At Wellers, we term this as Business Oxygen and some of this role was covered in a recent blog post on the future of accounting by our Managing Partner, Kathleen Parker. The modern business advisor will perform all, or a combination of some, of the following for their clients:
Here is the really interesting part or, slightly worrying bit if you’re a professional. The capability of software doesn't end with just processing. You may have noticed the first video touched on developments in artificial intelligence (AI). It highlighted the work of the American company Quill which creates software that gathers data, analyses information and then produces written communication from it. As the video states, if you purchase a newspaper or subscribe to a magazine then the chances are you will already have read a story written by a software bot.
Whilst many professional advisors will struggle to see how software could possibly ever replace their knowledge and skill – it’s actually quite feasible. You see software bots are far cheaper and quicker than their physical robot cousins. White collar workers on the other hand are numerous, high skilled and expensive. This means from a business perspective the incentive to replace them with automation is even greater than for low skilled work and manual labour.
What's more AI has come a long way in recent years and not just in the United States. Here in the UK this is witnessed in the work done by Arria NLG. You see scientists for many years have monitored the human brain, how we process information and then make decisions. They have now developed software that mimics and simulates human thought processes to produce reports tailored to specific audiences – it’s called natural language generation (NLG).
One of the interesting examples provided in Arria’s video is how data is collected from a baby in an incubator. Arria’s NLG software engine consumes all the data from the sensors connected to the child and then creates a customised report for the doctors and another for the nurses in charge of the baby’s care. The software can even write a letter to the parents reassuring them of their child’s state of health. Furthermore, once set up it does all this in the space of minutes.
Paper work, discovery, analysis, decision making and writing – all key features of white collar work and the professions – could end up under threat. If NLG software can do this with all the complex data generated from the human body, what's to stop it assessing and analysing financial data? As Arria’s video states, “the authoring capabilities of the NLG engine are infinitely scalable and replicable”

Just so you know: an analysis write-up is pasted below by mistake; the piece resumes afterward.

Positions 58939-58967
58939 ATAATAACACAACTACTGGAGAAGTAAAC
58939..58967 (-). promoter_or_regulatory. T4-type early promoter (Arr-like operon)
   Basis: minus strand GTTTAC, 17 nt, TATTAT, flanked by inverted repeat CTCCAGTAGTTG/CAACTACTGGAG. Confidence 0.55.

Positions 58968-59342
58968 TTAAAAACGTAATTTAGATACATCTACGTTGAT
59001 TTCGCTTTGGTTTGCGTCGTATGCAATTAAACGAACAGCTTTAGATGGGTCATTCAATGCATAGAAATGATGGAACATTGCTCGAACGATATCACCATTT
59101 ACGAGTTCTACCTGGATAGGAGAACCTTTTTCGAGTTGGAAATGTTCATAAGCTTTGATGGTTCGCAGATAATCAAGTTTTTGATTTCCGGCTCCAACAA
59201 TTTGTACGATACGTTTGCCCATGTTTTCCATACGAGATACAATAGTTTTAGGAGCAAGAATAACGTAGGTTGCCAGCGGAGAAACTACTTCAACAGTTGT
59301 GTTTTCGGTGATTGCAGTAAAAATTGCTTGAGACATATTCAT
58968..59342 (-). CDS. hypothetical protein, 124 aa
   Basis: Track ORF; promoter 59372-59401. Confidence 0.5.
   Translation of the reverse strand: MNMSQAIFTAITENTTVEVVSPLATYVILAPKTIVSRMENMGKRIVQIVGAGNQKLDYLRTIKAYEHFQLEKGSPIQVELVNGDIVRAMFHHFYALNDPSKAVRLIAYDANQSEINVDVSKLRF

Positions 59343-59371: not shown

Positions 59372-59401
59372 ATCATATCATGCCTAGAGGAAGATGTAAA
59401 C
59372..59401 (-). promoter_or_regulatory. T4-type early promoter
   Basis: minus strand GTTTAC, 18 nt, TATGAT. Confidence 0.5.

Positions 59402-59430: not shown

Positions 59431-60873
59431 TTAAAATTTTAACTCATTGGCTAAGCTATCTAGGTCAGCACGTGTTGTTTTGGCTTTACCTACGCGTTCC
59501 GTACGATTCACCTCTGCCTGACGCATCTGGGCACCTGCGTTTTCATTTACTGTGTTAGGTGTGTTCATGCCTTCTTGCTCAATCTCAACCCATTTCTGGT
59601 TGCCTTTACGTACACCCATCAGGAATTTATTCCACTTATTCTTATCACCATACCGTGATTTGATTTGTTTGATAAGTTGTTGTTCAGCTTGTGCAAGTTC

So the advent of AI points to a grim future for workers across the spectrum of jobs. Author Jim Mellon in his book Fast Forward: The Technologies and Companies Shaping Our Future, contemplates technology inventor Ray Kurzweil’s prediction that AI will surpass human intelligence around 2045. This new superior intelligence is just round the corner and could take the form of harnessing many people’s combined intelligence and experience.
AI may have come a long way but we still can’t be sure exactly where or how far it will take us. Let’s also not forget that people buy from people and the experience that this delivers creates reputations while driving brands and customer loyalty. Could software ever realistically come close to replicating the emotional human touch, instinct or gut decision making? When it comes to fears over white collar jobs, perhaps it is our perspective that is wrong. Whilst scary when looking at these developments in terms of people’s jobs, this kind of change actually presents phenomenal opportunities.
Instead of looking at all of this as a threat, maybe we would do well to remember that throughout history while technological advances have put humans out of work in one area, the result is something else for people to do in another field that is actually more productive. It doesn’t just lead to greater efficiency and profitability but an improvement in our lives and well being.
We get far more for less - more leisure time, more educational opportunities for all and more imaginative thinking. Whatever course this eventually takes, the point is that technology can make our future brighter and better. It could just make us happier too.
The content of this post is up to date and relevant as at 05/01/2016.
Please be aware that information provided by this blog is subject to regular legal and regulatory change. We recommend that you do not take any information held within our website or guides (eBooks) as a definitive guide to the law on the relevant matter being discussed. We suggest your course of action should be to seek legal or professional advice where necessary rather than relying on the content supplied by the author(s) of this blog.